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Court of Appeal, Second District, Division 4, California.

DOOLEY'S HARDWARE MART, Plaintiff and Appellant, v. FOOD GIANT MARKETS, INC., et al., Defendants and Respondents.

Civ. 33581.

Decided: October 22, 1969

Baird, Mooney & Baird and Woodrow W. Baird, Long Beach, for plaintiff and appellant. Tyre & Kamins, Richard J. Kamins, James N. Ries and Peter M. Appleton, Beverly Hills, for defendants and respondents.

This is an action against a retail food market and two of its employees for an injunction to prevent alleged violations of the California Unfair Practices Act (Bus. & Prof.Code, ss 17000—17101).1 Judgment was entered for the defendants;2 plaintiff has appealed; we reverse the judgment.

The present appeal, on the record before us,3 presents only the single issue: Is the statutory presumption set forth in section 17071.5 of the Business and Professions Code constitutional?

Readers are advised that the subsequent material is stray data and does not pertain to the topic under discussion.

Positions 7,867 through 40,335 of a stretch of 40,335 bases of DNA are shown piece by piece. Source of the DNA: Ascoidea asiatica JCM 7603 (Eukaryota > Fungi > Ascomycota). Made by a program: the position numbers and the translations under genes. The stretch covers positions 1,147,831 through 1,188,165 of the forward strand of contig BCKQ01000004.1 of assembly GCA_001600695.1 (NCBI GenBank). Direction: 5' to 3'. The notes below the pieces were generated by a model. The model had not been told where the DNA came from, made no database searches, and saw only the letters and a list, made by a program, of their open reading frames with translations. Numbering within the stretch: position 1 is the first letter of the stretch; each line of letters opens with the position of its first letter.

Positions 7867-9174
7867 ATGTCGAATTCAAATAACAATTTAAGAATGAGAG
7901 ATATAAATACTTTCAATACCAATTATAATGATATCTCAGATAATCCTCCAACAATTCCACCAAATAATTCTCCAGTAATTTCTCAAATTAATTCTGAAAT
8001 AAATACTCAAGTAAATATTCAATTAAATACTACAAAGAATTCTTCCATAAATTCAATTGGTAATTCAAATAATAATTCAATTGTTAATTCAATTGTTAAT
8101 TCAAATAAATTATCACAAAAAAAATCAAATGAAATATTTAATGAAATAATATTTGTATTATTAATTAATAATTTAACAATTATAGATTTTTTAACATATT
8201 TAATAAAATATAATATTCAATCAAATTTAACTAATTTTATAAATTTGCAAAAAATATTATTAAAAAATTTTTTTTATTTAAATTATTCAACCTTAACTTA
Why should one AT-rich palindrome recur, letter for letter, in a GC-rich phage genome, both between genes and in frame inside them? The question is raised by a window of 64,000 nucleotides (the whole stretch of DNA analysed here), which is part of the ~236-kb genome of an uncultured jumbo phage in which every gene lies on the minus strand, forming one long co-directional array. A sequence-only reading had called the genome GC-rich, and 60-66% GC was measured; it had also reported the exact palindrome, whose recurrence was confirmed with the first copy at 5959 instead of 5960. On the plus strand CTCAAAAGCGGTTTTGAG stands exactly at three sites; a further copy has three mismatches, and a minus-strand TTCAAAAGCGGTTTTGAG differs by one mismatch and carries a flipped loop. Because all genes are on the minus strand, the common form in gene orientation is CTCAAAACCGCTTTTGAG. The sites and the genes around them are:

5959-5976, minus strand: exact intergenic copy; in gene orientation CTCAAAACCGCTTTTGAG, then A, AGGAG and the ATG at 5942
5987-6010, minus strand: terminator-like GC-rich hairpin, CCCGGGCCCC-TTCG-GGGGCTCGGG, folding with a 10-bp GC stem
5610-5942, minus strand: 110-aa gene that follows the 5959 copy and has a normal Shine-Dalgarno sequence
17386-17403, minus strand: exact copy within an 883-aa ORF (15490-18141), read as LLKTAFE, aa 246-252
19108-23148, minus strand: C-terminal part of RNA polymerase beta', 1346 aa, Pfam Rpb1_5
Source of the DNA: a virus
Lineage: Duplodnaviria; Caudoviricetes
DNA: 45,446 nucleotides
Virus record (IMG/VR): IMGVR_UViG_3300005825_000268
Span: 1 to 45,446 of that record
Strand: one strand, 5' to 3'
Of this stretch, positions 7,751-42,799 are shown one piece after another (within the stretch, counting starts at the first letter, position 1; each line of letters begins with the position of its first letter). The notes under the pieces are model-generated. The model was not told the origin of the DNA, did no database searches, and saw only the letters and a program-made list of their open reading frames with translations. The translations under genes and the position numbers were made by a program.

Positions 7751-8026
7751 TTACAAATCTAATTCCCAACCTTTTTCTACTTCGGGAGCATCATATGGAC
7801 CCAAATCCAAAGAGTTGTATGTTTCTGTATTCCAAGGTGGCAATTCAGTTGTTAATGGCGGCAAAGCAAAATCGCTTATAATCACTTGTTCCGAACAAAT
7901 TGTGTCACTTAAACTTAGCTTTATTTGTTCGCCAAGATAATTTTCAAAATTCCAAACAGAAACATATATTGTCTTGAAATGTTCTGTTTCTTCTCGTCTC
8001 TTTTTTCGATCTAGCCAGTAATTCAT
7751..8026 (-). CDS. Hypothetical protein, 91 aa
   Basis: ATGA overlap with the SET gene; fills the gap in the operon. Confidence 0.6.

The California Unfair Practices Act prohibits, Inter alia, the sale of products below cost when the effect is to injure competitors or destroy competition.4 The findings of the trial court were to the effect that defendants had advertised certain products—as to which the corporate defendant was in competition with plaintiff-below their cost to that defendant but on terms that limited the quantity purchasable by any one customer to an amount less than the entire supply of that product then owned or controlled by defendants. Plaintiff relied for proof of the wrongfulness of that conduct on the statutory presumption set forth in section 17071.5; the trial court ruled that that presumption was unconstitutional and that there was no other evidence sufficient to support the plaintiff's case. We conclude that the statutory presumption is valid and, therefore, that (since admittedly it is applicable) judgment should not have gone for defendants.